Darker skinned populations that are living at high longitude lines are at greater risk for vitamin D deficiency because darker skins need more sun exposure to produce the same amount of vitamin D as pale skin does. Skin pigmentation acts as a natural sunscreen. The darker you are, the more pigment you have, and the more pigment you have, the more time you’ll need to spend in the sun to make adequate amounts of vitamin D.

2. You feel depressed

The feel-good hormone serotonin is raised with exposure to sunlight and decreases with little sun exposure. In 2006, a study examined the effects of vitamin D on the mental health of 80 elderly patients and found those deficient in vitamin D were eleven times more prone to depression than those who had sufficient vitamin D through supplementation.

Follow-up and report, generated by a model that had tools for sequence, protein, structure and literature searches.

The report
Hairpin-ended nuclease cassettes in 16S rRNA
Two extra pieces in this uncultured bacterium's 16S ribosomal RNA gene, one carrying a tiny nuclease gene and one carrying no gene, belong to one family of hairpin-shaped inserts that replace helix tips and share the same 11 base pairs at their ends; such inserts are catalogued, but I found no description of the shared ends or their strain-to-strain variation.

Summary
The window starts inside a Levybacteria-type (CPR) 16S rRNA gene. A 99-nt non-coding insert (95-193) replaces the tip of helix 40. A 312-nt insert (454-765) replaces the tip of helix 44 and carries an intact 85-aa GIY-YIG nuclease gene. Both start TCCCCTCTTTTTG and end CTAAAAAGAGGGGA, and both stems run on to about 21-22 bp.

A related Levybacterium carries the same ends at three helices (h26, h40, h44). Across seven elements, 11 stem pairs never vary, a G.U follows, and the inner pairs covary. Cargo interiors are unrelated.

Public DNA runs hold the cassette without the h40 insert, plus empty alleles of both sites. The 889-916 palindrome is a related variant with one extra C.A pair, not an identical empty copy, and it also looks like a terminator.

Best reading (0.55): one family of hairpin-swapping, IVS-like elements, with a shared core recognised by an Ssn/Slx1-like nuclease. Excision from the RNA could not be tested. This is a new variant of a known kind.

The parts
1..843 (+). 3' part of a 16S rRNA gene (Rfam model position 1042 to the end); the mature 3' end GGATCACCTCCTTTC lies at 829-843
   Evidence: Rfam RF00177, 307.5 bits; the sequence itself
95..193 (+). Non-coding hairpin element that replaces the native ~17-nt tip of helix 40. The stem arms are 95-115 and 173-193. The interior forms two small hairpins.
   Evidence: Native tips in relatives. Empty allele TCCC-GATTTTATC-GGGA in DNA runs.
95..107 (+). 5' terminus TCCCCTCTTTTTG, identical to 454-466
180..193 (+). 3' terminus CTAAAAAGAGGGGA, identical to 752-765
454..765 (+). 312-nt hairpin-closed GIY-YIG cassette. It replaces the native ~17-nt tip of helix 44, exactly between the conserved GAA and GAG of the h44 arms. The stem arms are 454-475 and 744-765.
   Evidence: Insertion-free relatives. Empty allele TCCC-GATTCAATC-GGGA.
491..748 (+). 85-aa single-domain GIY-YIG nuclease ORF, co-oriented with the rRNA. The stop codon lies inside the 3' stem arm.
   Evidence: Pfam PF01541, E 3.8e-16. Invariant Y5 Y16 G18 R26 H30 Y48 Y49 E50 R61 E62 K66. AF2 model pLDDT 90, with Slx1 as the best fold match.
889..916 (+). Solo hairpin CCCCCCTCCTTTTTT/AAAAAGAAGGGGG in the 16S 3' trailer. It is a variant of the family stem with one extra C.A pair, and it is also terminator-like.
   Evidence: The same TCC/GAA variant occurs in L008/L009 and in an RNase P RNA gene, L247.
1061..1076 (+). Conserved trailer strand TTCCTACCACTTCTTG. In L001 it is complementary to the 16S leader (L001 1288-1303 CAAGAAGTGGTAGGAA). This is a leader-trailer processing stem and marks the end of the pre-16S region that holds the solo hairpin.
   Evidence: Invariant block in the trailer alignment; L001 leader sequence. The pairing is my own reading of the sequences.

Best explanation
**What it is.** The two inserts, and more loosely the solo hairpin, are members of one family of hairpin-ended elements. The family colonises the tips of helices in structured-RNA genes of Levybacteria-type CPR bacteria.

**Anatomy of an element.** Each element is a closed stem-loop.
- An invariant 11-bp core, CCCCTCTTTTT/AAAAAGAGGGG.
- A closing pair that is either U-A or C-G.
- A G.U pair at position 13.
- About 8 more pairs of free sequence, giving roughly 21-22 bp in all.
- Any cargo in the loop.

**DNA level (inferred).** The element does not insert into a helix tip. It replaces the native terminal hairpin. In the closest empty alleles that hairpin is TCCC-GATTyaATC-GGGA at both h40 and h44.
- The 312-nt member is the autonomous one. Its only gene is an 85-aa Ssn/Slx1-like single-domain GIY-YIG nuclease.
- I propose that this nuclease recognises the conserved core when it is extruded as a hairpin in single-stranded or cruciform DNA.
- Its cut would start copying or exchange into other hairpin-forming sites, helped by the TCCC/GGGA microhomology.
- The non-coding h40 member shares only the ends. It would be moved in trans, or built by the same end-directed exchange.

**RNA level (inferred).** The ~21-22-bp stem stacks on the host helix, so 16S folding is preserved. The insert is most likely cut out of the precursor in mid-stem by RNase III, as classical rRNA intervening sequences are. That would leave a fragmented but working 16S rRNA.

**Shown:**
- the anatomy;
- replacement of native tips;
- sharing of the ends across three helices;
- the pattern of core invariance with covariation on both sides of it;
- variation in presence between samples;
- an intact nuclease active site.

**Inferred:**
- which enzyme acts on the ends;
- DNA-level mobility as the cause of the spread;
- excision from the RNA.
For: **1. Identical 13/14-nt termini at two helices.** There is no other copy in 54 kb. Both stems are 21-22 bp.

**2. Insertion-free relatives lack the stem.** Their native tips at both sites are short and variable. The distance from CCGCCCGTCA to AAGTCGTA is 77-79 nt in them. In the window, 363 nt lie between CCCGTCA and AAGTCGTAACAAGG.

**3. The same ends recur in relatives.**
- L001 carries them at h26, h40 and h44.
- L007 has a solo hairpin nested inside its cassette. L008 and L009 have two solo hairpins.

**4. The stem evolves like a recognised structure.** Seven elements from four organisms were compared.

3. You’re aged 60 + or if you take cholesterol reducing medications

When you age, your skin makes less vitamin D in response to UVB exposure. Your liver and kidneys may not be in their best condition, and the kidneys may not be converting vitamin D into the active D3 form efficiently. Medications also interfere with Vitamin D production.

4. You suffer from bone pain

According to Dr. Michael F. Holick, an American endocrinologist specializing in the field of vitamin D for over 40 years states that people who see their doctor for aches and pains, especially in combination with fatigue, may be misdiagnosed as having fibromyalgia or chronic fatigue syndrome when they actually have a vitamin D deficiency. He explains: ”What’s happening is that the vitamin D deficiency causes a defect in putting calcium into the collagen matrix into your skeleton. As a result, you have throbbing, aching bone pain.”

5. You are overweight or obese